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Black Hawk Bridge

Lansing Bridge

   


Black Hawk Bridge

Primary Photographer(s): Nathan Holth and Rick McOmber

Bridge Documented: June 29, 2009 and August 9, 2013
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Key Facts

Facility Carried / Feature Intersected
IA-9 and WI-82 Over Mississippi River
Location
Lansing and Rural: Allamakee County, Iowa and Crawford County, Wisconsin
Structure Type
Metal Cantilever 22 Panel Multiple-Type-Connected Pennsylvania Through Truss, Fixed and Approach Spans: Metal 6 Panel Rivet-Connected Pratt Deck Truss, Fixed
Construction Date and Builder / Engineer
1931 By Builder/Contractor: McClintic-Marshall Company of Pittsburgh, Pennsylvania and Engineer/Design: Melvin B. Stone of Minneapolis, Minnesota

Technical Facts

Rehabilitation Date
1955
Main Span Length
652.3 Feet (198.8 Meters)
Structure Length
1630.7 Feet (497 Meters)
Roadway Width
21 Feet (6.4 Meters)
Spans
3 Main Span(s) and 6 Approach Span(s)
NBI Number
13520

Historic Significance Rating (HSR)

Bridge Documentation

View Archived National Bridge Inventory Report - Has Additional Details and Evaluation

View Historic American Engineering Record (HAER) Documentation For This Bridge

HAER Data Pages, PDF

View Original Plan Sheets For This Bridge

View Historical Black Hawk Bridge Opening Day Booklet

This bridge is among the most unusual and significant large scale cantilever truss bridges in the country, on account of its excellent historic integrity, relatively old age, increasing rarity, and unusual design.  Located in one of the most beautiful and photogenic settings imaginable, with a small town on the Iowa side, and expansive flood plains on the Wisconsin side, all contained within a large and  impressive river valley. There are ample locations to view the bridge from numerous angles, including a truly spectacular and unique view of the bridge from the Mount Hosmer lookout in Lansing, this is a bridge that must be seen in person to be truly appreciated. The bridge has very a very impressive appearance, with well-defined cantilever towers which rise dramatically above the surrounding trusses. The bridge has a camber that is not curved, but is composed of an inclined deck that immediately ends between the cantilever towers at the center of the bridge. The transition is sharp enough that it acts almost like a speed bump, and helps to calm traffic speed on the bridge, increasing the safety of the structure.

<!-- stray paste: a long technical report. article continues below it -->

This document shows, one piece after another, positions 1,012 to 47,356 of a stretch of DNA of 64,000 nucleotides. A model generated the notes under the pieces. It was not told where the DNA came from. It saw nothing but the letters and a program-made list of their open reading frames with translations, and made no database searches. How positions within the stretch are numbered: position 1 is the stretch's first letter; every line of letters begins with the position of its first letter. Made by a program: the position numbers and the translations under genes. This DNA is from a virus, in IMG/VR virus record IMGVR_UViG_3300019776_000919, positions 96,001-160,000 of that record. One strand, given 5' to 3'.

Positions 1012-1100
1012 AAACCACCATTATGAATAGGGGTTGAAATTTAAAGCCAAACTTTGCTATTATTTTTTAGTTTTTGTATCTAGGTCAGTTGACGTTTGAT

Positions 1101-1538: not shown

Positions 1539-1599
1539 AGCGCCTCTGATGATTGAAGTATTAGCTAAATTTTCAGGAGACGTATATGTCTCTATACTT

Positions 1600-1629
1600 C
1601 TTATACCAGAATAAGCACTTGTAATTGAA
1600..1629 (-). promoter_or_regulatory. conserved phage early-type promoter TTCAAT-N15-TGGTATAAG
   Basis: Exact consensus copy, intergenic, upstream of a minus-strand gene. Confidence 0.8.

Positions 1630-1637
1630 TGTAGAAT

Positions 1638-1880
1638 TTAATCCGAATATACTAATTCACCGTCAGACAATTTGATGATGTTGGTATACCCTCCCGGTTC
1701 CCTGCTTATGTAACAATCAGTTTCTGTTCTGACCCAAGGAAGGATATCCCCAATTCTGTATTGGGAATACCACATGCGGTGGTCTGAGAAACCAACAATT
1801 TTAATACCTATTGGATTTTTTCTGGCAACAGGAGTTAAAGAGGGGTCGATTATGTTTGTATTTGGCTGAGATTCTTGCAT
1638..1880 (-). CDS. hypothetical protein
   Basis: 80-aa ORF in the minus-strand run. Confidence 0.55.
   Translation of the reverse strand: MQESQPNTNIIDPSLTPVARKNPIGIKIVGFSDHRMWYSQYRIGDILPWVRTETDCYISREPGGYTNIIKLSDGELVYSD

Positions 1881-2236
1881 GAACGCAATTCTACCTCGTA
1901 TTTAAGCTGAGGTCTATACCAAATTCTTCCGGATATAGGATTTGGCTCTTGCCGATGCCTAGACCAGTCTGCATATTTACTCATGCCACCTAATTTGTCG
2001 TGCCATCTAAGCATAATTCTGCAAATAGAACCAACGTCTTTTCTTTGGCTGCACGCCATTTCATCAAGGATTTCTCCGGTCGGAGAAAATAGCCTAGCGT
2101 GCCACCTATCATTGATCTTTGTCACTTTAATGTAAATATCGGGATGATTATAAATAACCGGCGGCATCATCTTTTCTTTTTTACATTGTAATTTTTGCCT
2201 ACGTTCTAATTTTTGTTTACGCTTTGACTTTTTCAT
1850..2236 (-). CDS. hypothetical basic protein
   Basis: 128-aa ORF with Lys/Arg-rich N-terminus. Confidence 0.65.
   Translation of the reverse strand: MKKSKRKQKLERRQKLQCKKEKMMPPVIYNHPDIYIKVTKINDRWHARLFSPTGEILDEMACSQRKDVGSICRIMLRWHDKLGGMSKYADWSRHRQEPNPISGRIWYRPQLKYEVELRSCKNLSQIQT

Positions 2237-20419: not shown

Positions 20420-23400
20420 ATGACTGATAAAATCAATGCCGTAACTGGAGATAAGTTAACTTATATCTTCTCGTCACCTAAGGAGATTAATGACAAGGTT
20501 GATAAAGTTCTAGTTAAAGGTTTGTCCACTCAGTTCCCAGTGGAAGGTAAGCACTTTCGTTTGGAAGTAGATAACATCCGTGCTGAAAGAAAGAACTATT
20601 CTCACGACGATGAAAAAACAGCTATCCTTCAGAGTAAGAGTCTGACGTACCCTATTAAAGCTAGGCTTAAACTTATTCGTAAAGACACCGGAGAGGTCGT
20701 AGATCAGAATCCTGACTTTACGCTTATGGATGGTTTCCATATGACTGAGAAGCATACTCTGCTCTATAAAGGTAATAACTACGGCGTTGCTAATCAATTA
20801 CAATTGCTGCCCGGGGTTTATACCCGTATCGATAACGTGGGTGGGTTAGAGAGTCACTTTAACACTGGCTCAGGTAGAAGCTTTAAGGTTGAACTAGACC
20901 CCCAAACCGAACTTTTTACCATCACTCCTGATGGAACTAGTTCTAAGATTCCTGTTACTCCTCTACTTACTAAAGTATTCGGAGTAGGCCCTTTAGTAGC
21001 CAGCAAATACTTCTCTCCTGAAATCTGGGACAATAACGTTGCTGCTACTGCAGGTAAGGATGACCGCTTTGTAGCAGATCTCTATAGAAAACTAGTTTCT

Perhaps the bridge's most distinctive and unusual feature is that the central suspended span, which is a Pennsylvania through truss, is not connected to the cantilever arms at the top, and is only connected by the bottom chord and by vertical eye bar suspenders from the top chord. Viewing the bridge from elevation (side view) this unusual design makes the suspended span very easy to discern. The bridge is actually a good teaching tool for demonstrating how a cantilever truss bridge's suspended span is structurally independent from the cantilever arms, in other words, the suspended span it is a complete bridge on its own being held at the ends by the cantilever arms.

The significance of all surviving cantilever truss bridges has risen rapidly in recent years. This is due to the decimation of the nation's historic cantilever truss bridges by short-sighted owners who feel the only solution is to demolish a historic cantilever bridge and replace it with a mundane cable-stayed bridge with no heritage value or engineering significance. The Black Hawk Bridge is a beautiful historic monument that is one of the most defining landmarks and top attractions of the small town of Lansing, Iowa. In addition, the bridge retains excellent historic integrity, is a relatively old surviving large-scale highway cantilever bridge, and has a unique design. Its preservation, whether it continues to serve vehicular traffic or is bypassed by a new bridge and used for non-motorized traffic only, should be pursued at all costs.

The bridge was rehabilitated in 1955. In 2013, additional work took place including a repainting of the bridge. Some of the photos available on this website are from during the repainting.

Information and Findings From Iowa's Historic Bridge Inventory

Discussion of Bridge